January 04, 2001, 1:55 PM — ANYONE WONDERING WHAT Microsoft and Sun are thinking about each others' work on XML got some insight this week when the two companies made competing announcements about their latest activities to advance the use of the language to support Internet-based business-to-business transactions.
Though neither side characterized the situation as war, they sniped at each other on Wednesday, a day after a faction led by Sun held a news conference in San Francisco to demonstrate business transactions over ebXML (electronic business XML). On the same day, and not by coincidence according to ebXML faction officials said, Microsoft announced the release of BizTalk Server 2000, an XML product that allows businesses to integrate applications across differing platforms using the Internet.
A Sun official complained that Microsoft was trying to steal ebXML's thunder by releasing its BizTalk news on the same day as the ebXML demonstration, but a Microsoft official said the company was only sticking to a previously announced schedule.
"I don't find it surprising that Microsoft would come out and make an announcement on top of us," said Bill Smith, a member of the ebXML initiative's executive committee. "They just pushed [BizTalk] on the same day, obviously for competitive reasons."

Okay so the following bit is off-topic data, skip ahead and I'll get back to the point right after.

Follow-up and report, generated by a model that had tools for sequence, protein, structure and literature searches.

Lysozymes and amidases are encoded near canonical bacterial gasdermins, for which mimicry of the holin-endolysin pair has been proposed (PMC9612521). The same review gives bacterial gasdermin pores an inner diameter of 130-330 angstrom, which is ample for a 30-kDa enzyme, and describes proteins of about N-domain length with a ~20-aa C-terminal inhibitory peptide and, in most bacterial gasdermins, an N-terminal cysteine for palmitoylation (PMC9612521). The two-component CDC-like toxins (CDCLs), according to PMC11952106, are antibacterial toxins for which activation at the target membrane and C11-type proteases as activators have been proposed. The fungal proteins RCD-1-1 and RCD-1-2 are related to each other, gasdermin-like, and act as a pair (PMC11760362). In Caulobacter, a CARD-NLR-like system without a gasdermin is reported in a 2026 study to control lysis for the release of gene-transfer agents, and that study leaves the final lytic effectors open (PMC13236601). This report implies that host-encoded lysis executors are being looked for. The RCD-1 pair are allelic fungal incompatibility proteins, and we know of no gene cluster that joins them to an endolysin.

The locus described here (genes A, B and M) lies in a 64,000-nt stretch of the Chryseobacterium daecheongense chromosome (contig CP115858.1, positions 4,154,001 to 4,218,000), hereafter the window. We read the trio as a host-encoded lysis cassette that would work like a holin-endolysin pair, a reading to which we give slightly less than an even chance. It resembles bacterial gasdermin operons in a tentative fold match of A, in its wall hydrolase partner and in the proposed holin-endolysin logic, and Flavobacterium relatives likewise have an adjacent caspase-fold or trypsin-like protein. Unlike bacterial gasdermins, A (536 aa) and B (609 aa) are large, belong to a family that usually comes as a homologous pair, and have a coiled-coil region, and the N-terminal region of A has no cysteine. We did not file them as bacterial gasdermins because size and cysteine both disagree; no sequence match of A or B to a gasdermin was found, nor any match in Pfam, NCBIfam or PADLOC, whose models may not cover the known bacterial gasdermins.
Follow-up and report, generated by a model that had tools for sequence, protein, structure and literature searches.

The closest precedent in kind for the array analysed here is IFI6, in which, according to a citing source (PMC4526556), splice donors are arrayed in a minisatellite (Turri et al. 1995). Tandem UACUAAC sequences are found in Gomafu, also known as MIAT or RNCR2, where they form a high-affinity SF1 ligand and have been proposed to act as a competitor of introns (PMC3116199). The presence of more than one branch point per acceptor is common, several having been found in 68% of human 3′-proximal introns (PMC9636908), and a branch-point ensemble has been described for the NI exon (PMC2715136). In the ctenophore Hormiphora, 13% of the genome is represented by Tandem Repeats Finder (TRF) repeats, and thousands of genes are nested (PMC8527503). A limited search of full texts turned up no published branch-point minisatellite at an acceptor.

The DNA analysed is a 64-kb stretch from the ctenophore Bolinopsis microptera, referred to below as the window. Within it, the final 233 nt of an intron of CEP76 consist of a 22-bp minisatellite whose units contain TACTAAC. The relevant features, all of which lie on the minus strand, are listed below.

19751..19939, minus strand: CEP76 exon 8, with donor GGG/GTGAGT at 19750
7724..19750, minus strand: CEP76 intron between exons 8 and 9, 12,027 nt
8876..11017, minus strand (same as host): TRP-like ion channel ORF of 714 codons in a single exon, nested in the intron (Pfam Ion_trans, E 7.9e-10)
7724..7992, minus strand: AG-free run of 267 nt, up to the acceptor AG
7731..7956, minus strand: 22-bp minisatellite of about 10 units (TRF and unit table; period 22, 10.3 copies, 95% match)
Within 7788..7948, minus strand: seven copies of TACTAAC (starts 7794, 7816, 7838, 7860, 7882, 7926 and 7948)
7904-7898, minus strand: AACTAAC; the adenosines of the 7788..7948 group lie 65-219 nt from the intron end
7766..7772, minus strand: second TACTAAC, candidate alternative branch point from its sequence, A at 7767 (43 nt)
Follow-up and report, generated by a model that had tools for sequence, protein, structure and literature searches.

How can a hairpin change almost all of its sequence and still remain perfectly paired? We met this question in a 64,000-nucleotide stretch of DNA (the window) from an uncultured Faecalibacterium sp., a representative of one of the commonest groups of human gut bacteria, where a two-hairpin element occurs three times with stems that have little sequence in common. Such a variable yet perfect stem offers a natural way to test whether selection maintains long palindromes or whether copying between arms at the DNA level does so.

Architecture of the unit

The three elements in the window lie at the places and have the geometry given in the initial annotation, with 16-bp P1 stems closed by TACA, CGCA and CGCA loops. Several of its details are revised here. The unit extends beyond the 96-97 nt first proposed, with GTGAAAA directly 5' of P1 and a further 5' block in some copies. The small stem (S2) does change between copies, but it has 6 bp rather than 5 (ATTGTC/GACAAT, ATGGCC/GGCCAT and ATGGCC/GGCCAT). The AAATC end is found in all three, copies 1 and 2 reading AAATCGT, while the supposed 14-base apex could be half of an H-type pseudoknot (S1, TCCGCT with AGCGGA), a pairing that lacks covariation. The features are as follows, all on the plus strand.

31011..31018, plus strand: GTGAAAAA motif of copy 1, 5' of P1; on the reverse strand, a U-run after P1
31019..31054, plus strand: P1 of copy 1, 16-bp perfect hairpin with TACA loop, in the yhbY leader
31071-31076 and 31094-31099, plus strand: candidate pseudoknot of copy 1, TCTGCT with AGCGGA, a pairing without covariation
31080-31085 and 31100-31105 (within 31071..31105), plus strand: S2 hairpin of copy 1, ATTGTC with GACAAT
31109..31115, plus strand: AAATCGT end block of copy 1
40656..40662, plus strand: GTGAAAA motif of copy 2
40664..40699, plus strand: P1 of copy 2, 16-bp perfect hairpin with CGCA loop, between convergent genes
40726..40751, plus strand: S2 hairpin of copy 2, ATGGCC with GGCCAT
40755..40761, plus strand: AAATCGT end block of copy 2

Microsoft announced Tuesday that the "gold" code for BizTalk Server 2000, in beta since August, has been sent to manufacturing. The CDs will ship in late January or early February in keeping with the roadmap Microsoft announced at the Comdex trade show in Las Vegas last November.
Microsoft officials say the company's BizTalk Framework, not the server, is the more "apples to apples" comparison with ebXML. The framework is a communications protocol based on industry standards for data exchange and security, such as SOAP (simple object access protocol), XML, and S/MIME (Secure/Multipurpose Internet Mail Extensions).
"The results shown by the ebXML proof of concept are entirely consistent with what our partners and customers have demonstrated using SOAP and the BizTalk Framework over the last year," said David Turner, Microsoft product manager and technical evangelist for XML technologies, in an e-mail response to a question about Microsoft's position on ebXML.
At the XML 2000 conference in Washington on Dec. 6, Turner said the architecture Microsoft envisions for XML allows for the exchange of information on any platform, in any program language and across any network. He described Microsoft's investment in XML as "substantial," and said the company would continue its involvement in the World Wide Web Consortium (W3C).